He Took on Affirmative Action at Harvard. Now He’s Planning More Lawsuits

Edward Blum is taking the fight to corporate America.

(Bloomberg) — The conservative activist who got Harvard to change its affirmative action policies and is suing law firms over diversity fellowships says he plans more legal actions against race-based programs.

Edward Blum, the activist, recently created American Alliance for Equal Rights (AAER), which has filed lawsuits asking courts to bar diversity, equity and inclusion programs in the venture capital and legal industries. “Programs that are open to only certain races are illegal and unfair,” Blum said via email on Thursday. 

When asked if he had more lawsuits planned, he said, “yes.”

The lawsuits come amid an ongoing effort to challenge DEI efforts across a number of industries, a backlash that has picked up momentum since the US Supreme Court ruled in June that universities can no longer consider race in admissions.

In addition to the AAER actions, a group of former and current journalists this week sued newspaper company Gannett Co., alleging “reverse race discrimination.” And last month, 13 Republican state attorneys general warned the chief executive officers of several large employers against introducing race-based practices in hiring and contracting.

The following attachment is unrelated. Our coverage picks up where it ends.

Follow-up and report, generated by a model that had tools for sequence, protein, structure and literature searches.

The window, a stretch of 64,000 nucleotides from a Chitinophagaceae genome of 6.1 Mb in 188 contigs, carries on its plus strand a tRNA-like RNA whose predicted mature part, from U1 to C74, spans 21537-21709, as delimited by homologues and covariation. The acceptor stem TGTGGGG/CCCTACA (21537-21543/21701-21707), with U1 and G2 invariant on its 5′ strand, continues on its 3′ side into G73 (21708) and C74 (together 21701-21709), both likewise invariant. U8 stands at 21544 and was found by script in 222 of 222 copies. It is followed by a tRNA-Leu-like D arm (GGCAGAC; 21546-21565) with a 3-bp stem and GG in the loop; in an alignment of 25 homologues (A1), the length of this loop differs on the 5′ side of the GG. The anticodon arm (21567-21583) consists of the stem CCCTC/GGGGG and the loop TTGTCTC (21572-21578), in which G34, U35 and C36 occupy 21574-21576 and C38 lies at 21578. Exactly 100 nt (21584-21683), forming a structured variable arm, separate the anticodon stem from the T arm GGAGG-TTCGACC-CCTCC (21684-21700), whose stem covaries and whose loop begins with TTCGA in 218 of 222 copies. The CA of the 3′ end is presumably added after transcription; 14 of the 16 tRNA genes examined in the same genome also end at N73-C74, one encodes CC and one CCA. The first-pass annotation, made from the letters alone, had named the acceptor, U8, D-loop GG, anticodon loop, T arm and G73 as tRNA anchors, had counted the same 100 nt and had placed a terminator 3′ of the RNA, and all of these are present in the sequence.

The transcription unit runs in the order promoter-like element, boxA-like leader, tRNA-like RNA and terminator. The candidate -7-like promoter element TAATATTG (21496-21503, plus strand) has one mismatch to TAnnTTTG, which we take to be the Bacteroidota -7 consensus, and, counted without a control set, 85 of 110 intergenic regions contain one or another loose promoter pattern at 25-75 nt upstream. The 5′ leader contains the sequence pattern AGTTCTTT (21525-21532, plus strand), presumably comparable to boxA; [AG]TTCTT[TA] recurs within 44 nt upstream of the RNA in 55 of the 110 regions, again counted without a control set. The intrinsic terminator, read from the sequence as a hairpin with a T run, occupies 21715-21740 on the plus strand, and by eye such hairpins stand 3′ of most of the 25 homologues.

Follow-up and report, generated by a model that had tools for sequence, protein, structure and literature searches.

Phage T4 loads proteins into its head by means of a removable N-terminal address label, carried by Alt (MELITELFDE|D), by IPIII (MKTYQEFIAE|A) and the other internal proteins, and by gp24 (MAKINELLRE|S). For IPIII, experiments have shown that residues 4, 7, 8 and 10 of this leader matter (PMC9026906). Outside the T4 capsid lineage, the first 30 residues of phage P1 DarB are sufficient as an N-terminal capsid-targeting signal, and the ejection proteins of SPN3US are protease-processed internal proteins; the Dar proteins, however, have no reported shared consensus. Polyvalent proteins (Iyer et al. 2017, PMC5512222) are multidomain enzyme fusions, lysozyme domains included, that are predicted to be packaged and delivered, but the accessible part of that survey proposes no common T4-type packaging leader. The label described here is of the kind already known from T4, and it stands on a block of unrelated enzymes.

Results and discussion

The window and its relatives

Read more: Conservative Attacks on Diversity Efforts in Corporate America Keep Coming

On Tuesday, AAER filed complaints against two law firms, Perkins Coie and Morrison Foerster, over their diversity fellowships. Blum’s group wants the courts to permanently end these programs, which are open to members of historically underrepresented groups in the legal profession.

Earlier this month, AAER sued Fearless Fund, an Atlanta-based venture capital firm, over a program that awards $20,000 grants to Black women who own small businesses in the US.

To evaluate a policy’s fairness and legality, Blum said via email that he recommended a “‘shoe on the other foot’ test”: “In the case of the Fearless Fund, would a different venture capital fund’s requirement that only white men are eligible for its funding and support be fair and legal?”

In an open letter in support of Fearless Fund signed by more than 70 firms, the organizations noted that Black women received less than 1% of all venture capital funding. “We vehemently oppose this lawsuit,” the letter said. 

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